Julius Friedrich Cohnheim

Julius Friedrich Cohnheim (20 July 1839 – 15 August 1884) was a German-Jewish pathologist.

Cohnheim was born at Demmin, Pomerania. He studied at the universities of Würzburg, Marburg waterproof tablet bag, Greifswald, and Berlin, receiving his doctor’s degree at the University of Berlin in 1861. After taking a postgraduate course in Prague, he returned to Berlin in 1862, where he practised until 1864, when he took service as surgeon in the war against Denmark. In the fall of the same year he became assistant at the pathological institute of Berlin University under Rudolf Virchow, remaining there until 1868. During this time he published several articles relating to physiological chemistry and histology, but finally turned his especial attention to pathological anatomy. In 1867 there appeared in Virchow’s „Archiv für Pathologische Anatomie und Physiologie und für Klinische Medizin“ (xli) Cohnheim’s essay, „Ueber Entzündung und Eiterung“, which made his reputation as a pathologist. In it he proved that the emigration of the white blood-corpuscles is the origin of pus, a statement which produced a great revolution in pathology. In 1868 Cohnheim was appointed professor of pathological anatomy and general pathology in the University of Kiel; and four years later (1872) he went to the University of Breslau to fill a similar position. His work there was interrupted in the winter of 1873-74 by illness. In 1878 he accepted an invitation to become professor of pathology in the University of Leipzig, which chair he occupied until his death.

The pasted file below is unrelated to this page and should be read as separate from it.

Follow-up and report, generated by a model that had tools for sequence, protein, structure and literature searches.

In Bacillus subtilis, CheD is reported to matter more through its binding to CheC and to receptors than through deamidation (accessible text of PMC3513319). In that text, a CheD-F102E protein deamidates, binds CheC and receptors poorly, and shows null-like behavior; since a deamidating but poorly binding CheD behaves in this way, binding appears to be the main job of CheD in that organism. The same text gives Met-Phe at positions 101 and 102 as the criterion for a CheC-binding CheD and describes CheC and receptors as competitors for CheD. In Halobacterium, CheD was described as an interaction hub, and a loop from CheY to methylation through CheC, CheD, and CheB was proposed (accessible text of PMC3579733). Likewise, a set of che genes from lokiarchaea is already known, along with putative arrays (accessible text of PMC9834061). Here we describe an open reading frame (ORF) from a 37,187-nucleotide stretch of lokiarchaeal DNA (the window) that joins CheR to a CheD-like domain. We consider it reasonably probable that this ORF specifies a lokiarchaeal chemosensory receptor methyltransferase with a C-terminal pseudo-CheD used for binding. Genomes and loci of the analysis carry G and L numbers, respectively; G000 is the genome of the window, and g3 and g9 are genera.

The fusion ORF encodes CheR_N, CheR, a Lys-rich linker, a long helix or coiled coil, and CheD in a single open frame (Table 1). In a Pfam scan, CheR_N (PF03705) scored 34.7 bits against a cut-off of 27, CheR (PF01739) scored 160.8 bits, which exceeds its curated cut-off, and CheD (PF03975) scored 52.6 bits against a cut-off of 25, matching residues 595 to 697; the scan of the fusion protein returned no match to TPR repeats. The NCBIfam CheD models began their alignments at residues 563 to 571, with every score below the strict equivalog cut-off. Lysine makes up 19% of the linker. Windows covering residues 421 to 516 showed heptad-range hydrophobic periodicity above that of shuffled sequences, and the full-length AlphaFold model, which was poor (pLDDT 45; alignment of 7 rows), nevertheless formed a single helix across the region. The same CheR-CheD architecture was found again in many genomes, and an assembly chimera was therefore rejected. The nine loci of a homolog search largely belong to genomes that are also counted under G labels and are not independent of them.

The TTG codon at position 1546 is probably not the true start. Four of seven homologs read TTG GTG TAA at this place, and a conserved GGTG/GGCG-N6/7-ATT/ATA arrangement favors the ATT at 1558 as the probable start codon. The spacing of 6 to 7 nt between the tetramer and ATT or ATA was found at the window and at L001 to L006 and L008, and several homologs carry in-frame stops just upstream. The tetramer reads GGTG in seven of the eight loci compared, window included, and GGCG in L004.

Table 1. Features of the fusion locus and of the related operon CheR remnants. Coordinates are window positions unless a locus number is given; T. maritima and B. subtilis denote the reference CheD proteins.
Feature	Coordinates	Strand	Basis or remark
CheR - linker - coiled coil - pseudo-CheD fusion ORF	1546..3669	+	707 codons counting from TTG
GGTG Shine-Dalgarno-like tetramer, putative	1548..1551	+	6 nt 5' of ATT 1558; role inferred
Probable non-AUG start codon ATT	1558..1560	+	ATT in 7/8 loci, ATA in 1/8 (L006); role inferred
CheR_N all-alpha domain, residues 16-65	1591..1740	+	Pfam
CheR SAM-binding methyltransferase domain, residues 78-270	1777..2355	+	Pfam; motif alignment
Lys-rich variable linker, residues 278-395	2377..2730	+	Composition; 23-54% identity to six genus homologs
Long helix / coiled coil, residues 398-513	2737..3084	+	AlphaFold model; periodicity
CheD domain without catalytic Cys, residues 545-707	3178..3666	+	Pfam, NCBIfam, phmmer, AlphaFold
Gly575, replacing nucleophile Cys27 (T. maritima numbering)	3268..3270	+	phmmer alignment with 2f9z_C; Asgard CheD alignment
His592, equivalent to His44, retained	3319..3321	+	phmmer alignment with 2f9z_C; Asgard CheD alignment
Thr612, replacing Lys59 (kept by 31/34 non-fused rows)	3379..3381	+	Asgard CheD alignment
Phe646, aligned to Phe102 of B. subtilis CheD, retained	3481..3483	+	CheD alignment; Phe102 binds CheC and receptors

Cohnheim was the first to use the now universal method of freezing fresh pathological objects for examination; he also first demonstrated nerve-termination in „Cohnheim’s areas“ (polygonal areas indicating the cut ends of muscle-columns, seen in the cross-sections of striated muscle-fiber); he was the pioneer in the theory of inflammation best sports water bottle, which is now universally accepted; and his researches in the field of pathological circulation and the causes of embolism marked a new departure in the methods of medical treatment.

Aside from his literary and experimental activity, Cohnheim was both popular and successful as a teacher.

He died in Leipzig in 1884.

Ueber die Entzündung seröser Häute,“ in Virchow’s „Archiv für pathologische Anatomie und Physiologie und für klinische Medizin,“ xxii.